7 OTC Items That Help During Head and Neck Radiation Therapy

Along the way, through my 30 radiation treatments, I gathered a few tips and tricks that helped to ease or lessen some of the side effects and symptoms that come with head and neck cancer treatments. This list includes my top 7 items that tend to help during head and neck radiation therapy that you can buy OTC (over the counter) at your local drug store:

Lemon Drops

At some point you will likely lose your sense of taste. It’s an unpleasant and unfortunate experience but it seems to be one of the more common ones. There’s a certain taste that lingers in your mouth that almost makes you a bit nauseous and it’s hard to find something that gets rid of it, even brushing your teeth a zillion times. My gut instinct when this started happening to me was to throw a piece of mint gum in my mouth, which had usually helped when I otherwise had a bad taste in my mouth. This situation couldn’t be that different, right?…Boy, was I wrong. While I didn’t have visible damage from radiation in my mouth yet, chewing gum burned my tongue and gums something serious. So I went on a search for an alternative…lemon drops. Sweet things were hard for me too, so I was honestly a bit skeptical of this one, but surprisingly, it helped cut the trash-like taste from my mouth and actually got some saliva floating around in there too. That’s a win/win.


This one’s marketed as an expectorant, but it also has some secret powers when it comes to thick saliva. Rope-like saliva is another lovely side effect of H&N radiation therapy and when your saliva is less than normal and then it starts to thicken, swallowing and eating become more annoying and much harder. Taking a daily recommended dose of over the counter plain guaifenesin did wonders to think out my saliva, just like it promises to do with mucus when you’re sick.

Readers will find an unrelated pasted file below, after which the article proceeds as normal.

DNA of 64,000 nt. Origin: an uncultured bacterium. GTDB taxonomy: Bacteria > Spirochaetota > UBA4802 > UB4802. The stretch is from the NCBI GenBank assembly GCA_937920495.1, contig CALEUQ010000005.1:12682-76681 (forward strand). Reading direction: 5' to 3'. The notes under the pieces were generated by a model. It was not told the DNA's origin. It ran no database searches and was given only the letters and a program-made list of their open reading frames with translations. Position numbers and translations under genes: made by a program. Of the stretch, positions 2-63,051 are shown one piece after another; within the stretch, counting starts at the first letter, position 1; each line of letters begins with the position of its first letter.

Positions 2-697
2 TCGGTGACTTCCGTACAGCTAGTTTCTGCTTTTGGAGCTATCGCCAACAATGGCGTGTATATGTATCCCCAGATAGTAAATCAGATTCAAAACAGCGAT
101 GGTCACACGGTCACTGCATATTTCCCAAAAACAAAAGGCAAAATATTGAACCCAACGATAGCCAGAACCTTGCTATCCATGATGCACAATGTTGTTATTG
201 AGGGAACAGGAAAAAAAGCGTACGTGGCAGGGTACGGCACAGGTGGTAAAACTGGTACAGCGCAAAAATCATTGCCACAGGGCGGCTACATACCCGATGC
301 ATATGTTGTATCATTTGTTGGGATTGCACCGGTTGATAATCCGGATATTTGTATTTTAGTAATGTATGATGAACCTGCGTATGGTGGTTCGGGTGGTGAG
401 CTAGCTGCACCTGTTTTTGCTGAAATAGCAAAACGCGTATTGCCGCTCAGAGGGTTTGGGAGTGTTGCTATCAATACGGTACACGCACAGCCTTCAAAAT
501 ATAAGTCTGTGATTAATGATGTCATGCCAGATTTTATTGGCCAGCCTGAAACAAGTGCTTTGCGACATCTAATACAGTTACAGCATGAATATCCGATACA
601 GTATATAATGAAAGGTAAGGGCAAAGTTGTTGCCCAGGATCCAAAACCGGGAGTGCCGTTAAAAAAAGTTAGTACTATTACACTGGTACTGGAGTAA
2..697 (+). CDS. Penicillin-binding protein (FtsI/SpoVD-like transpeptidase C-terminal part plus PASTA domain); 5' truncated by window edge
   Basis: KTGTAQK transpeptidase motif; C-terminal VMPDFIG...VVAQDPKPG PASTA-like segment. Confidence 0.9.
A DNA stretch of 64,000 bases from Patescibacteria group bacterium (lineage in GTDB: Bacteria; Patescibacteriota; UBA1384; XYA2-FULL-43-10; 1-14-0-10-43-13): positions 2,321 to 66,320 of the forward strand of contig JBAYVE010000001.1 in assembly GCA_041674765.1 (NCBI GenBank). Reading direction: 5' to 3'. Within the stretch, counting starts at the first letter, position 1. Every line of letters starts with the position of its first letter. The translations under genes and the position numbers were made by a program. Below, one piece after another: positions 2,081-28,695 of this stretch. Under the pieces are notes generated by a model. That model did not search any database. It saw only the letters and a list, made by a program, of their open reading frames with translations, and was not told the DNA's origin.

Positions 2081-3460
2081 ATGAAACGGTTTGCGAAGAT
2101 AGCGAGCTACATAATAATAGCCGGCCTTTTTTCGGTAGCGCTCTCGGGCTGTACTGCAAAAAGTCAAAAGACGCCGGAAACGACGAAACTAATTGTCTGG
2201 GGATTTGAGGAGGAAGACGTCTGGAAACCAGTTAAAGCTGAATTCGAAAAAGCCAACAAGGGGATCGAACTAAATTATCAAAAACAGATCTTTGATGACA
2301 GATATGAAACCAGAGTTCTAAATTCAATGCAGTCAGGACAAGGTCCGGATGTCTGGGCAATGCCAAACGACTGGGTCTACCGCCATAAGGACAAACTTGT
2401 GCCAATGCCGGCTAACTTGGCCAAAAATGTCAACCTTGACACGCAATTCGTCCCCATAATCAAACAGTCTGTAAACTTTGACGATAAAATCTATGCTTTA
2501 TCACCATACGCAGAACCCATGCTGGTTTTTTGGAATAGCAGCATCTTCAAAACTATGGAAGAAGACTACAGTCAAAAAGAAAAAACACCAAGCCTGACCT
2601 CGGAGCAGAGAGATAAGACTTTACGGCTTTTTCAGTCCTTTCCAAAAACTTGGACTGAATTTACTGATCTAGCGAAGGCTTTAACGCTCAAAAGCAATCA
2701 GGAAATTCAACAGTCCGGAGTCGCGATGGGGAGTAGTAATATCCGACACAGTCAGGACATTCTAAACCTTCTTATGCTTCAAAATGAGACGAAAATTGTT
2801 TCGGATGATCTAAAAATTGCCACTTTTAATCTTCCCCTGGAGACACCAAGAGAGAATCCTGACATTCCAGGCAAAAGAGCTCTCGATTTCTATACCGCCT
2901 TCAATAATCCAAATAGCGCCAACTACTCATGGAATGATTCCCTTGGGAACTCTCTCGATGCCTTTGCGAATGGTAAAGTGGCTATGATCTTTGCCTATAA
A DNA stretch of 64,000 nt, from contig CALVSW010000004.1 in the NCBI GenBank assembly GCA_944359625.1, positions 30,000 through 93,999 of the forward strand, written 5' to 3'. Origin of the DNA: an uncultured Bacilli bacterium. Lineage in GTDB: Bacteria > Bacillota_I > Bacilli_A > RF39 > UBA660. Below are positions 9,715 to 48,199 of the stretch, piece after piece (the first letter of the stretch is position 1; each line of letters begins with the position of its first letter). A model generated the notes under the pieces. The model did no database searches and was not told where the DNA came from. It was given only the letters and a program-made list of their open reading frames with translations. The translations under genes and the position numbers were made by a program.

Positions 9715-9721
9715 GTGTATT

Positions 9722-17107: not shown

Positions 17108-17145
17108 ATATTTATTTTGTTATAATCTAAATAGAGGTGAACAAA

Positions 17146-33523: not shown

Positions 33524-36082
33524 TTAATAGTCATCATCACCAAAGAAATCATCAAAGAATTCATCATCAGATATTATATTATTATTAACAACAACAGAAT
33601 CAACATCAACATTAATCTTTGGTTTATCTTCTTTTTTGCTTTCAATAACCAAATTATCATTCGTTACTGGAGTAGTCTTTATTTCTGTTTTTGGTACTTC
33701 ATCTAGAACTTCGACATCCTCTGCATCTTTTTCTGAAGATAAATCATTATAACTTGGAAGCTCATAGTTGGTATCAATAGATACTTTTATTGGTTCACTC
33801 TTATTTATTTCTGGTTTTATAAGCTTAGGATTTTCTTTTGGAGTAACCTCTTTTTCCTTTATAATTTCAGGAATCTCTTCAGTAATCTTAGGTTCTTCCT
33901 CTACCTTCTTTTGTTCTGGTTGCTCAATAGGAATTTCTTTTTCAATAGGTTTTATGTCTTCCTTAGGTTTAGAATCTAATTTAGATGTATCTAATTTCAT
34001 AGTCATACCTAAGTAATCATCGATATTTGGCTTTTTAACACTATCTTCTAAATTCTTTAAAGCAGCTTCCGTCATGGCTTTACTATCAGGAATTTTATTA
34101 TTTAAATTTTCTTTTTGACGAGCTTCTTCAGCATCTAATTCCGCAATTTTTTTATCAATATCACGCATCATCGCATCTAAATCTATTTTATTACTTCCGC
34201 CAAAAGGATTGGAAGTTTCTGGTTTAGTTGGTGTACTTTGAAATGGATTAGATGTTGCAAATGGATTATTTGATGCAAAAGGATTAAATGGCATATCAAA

Bonus: Depending on what season your treatments fall into, you might need some extra help with mucus and seasonal snot as well. Boom…thinner saliva AND thinner mucus.


I’m not sure if dizziness and nausea is on the treatment side effect list, but between the yucky taste in my mouth, the thick saliva, the crustiness in my ear canal, and general grossness of it all, I was feeling a little green by week 2 or 3. Taking a dramamine every so often during the day decreased this symptom dramatically for me and kept me feeling somewhat grounded and slightly less nauseous, which was enough to convince me to keep a full supply on hand.


Moisture is SO important for your skin during this time for comfort as well as for healing, so this ultimate healing ointment is yet another one you’ll want to keep stocked up. Aquaphor is fragrance free and generally soothing so it won’t irritate your already irritated skin more, and it wont burn like regular lotion or some of the other products out there might. It’s also a skin protectant so it keeps moisture in and bad things out (to an extent).

There are plenty of options out there to use as moisturizers during treatment, so as with most things, it’s up to you but Aquaphor is a great one. Doubles as a great chapstick too!


Every night before I went to sleep, I wrapped my head and my neck up in gauze. Sounds glamorous, right? It’s not, but it did keep my skin protected from the elements and the flopping around in the bed that I unsuccessfully tried to prevent with a pillow fort. The mornings are never fun in this type of situation as it is. You’re stiff, crusty, probably still tired, and your head feels like it’s going to break off with every slight movement of your neck, but the gauze keeps it moist and keeps it from drying out too much while you’re lying still. Let’s just say it makes sleeping 90% more ridiculous looking, but makes mornings 50% better as far as comfort goes.


No, not for your ears! Q-tips for your skin. When you get to the point where your skin is sloughing off and it’s incredibly painful, q-tips were a big help for me. When I unwrapped my neck each morning and peeled the gauze away from my skin, there was always some residue of clumped up skin that had naturally come off overnight. As with most wounds, cleanliness is important but soap burns like you know what, so what can you do? I would wet the ends of a q-tip with cold water and very carefully (VERY CAREFULLY) removed the chunky parts so the fresh skin was left. Now, I do not recommend any scraping or scrubbing or anything even close to that. But using something with a mostly soft end to it can be a lifesaver on those rough mornings.

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